Fore! The impact of metadata on video content discovery and monetisation
I am very much looking forward to this year’s Master’s Tournament. As a wannabe golfer and avid technologist, I enjoy seeing how the top players leverage the latest technology to up their game. The modern golf game as we know it today has been around for over 600 years, and many an invention has changed the sport: the transition from hickory wood shafts, to steel, and eventually to composite clubs is one salient example.
However, I would argue that the most important advancement for today’s best is the use of data. In fact, the “strokes gained” metric has fundamentally changed how professionals track performance.
Strokes gained moves the focus of a player’s effectiveness from a static metric, like the number of putts per round, to a dynamic measurement against all other golfers within a particular data set. In this case, how does each putt of a specific player measure up against all other putts of a similar distance in each round? For a more detailed explanation of the concept, check out this research paper.
So, what does this have to do with video? As with golf, there is a huge amount of tapped and untapped data that can support a given video asset. In the past, this data was only partially leveraged due to technology barriers, market needs and other factors. However, it goes without saying that data is becoming increasingly vital for video service providers to successfully manage, distribute and monetize their assets.
There are many forms of data, but today I want to focus on the metadata universe. Metadata used to be a simple part of a video company’s toolbox, just like the number of putts in a round for a golfer. However, with today’s new technologies and AI capabilities, metadata can be a cornerstone for enabling better content discovery, management, and delivery.
To make sure we’re on the same page, let me first define metadata. Video content metadata refers to information that describes an asset, such as title, description, language, duration, aspect ratio, resolution, and bitrate. It can also include production information such as director, cast and crew, as well as content copyright and licensing data.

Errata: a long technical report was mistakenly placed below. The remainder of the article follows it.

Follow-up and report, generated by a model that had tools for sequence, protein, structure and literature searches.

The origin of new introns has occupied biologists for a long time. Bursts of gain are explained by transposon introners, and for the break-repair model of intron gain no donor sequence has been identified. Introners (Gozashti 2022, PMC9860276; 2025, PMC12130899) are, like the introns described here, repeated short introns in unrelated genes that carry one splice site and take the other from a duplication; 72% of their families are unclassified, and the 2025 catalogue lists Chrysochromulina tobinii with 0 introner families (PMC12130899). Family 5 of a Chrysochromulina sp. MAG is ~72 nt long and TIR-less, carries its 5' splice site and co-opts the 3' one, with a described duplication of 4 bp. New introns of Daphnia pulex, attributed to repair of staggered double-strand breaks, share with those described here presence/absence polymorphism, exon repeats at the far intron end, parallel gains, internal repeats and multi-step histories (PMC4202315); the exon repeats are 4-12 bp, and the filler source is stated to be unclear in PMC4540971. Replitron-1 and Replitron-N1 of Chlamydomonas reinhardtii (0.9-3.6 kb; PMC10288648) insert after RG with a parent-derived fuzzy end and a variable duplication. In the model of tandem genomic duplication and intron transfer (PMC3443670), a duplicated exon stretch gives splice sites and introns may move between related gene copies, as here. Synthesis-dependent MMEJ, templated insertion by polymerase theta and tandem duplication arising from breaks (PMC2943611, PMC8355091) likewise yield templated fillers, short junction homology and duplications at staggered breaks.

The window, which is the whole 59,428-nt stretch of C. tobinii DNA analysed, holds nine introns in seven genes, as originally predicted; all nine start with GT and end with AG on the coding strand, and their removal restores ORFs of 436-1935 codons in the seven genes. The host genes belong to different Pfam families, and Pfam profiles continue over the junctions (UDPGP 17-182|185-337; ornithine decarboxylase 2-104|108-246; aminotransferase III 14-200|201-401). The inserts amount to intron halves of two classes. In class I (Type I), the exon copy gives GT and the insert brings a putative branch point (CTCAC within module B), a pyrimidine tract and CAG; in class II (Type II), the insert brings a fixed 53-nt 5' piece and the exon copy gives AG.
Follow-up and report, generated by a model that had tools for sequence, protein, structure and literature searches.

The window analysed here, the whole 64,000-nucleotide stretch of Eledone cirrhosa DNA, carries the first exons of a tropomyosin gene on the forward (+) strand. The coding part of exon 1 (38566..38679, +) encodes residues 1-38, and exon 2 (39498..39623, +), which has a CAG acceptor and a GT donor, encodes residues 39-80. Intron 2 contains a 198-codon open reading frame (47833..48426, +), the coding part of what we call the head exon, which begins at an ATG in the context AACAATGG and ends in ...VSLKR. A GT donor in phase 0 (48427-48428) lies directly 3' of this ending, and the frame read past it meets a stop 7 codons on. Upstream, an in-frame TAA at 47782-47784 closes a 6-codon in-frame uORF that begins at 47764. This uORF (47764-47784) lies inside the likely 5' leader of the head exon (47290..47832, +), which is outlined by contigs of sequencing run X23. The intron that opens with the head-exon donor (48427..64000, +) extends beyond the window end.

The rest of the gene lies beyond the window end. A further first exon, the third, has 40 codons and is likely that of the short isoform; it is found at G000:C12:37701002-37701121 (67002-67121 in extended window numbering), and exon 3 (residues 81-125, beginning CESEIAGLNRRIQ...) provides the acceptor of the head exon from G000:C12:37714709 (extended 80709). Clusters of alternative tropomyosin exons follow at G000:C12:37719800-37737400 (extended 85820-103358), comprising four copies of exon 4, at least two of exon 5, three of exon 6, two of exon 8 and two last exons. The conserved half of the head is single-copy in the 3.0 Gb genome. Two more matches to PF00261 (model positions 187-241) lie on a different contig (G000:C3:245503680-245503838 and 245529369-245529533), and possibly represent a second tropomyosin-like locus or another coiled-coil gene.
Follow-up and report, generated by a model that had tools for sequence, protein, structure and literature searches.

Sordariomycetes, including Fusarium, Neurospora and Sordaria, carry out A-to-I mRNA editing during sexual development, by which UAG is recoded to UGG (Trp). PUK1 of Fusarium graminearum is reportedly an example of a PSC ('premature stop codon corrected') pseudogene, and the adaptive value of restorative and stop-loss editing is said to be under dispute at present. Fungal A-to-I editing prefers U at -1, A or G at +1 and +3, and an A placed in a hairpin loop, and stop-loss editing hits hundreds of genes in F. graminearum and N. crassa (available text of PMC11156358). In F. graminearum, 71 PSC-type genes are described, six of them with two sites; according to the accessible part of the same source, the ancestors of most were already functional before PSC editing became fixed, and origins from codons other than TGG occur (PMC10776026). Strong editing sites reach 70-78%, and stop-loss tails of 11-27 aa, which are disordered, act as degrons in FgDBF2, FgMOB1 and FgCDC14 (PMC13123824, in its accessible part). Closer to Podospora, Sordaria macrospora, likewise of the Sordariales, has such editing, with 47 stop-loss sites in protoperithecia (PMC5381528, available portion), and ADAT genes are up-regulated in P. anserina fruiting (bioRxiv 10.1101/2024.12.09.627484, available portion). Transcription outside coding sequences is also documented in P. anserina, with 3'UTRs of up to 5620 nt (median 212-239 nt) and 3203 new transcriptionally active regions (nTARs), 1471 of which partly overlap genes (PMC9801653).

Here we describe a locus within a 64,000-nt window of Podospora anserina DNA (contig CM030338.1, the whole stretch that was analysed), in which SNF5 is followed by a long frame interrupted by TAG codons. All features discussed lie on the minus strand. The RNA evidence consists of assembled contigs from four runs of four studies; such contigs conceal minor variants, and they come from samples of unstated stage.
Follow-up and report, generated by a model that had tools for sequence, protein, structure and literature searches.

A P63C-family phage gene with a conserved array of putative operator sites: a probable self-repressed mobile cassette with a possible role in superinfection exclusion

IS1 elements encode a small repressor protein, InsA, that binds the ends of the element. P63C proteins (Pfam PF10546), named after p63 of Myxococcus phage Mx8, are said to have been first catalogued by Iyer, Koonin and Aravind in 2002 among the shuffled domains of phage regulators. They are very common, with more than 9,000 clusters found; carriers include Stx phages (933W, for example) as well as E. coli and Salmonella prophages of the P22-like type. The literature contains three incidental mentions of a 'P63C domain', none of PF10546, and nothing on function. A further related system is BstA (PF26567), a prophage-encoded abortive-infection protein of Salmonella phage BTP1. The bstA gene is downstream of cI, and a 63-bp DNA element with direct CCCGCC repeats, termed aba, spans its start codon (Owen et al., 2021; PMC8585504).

A primary benefit of metadata for video providers is enhanced video discovery. It enables providers to better understand the nature and characteristics of their content, making it easier to locate what is most relevant for specific audiences. And by adding descriptive information to video assets, metadata improves the accuracy of search results and supports content browsing and exploration.
But beyond the basics, leveraging metadata properly can provide context and meaning to video content. It can help video providers better understand what the content represents, how it can be used best, and what are its limitations. It can also provide information about the intended audience, the video’s genre, or the content’s mood or tone to improve recommendations.
Metadata even plays a critical role in video monetisation. By providing content copyright and licensing information, it helps video providers ensure that they have the necessary rights to monetise and aggregate assets.
It is clear that leveraging metadata to the fullest is an essential component of the video ecosystem as it enhances discovery, provides context to content, and facilitates distribution and monetisation. As a result, providers who use metadata effectively can improve user experience, increase engagement and drive revenue.
When I and millions of others watch this year’s Masters champion sink his final putt and slip on the Green Jacket, we’ll hear him thank his caddy and his family for his success. But we probably won’t hear him praise the vital role that data – aka strokes gained – played in the victory.
To find out how leveraging metadata can help your video business succeed, check out our Go.Enrich web page.
About the Author
JT Taylor is responsible for developing and driving all product marketing, sales enablement, and thought leadership initiatives for two areas of the Synamedia portfolio: Synamedia Go, an open, modular, and flexible streaming video platform; and Gravity, a device management platform that can simply the management of subscriber’s whole home network. When he’s not wearing his marketing hat, JT is an avid golfer and pseudo musician.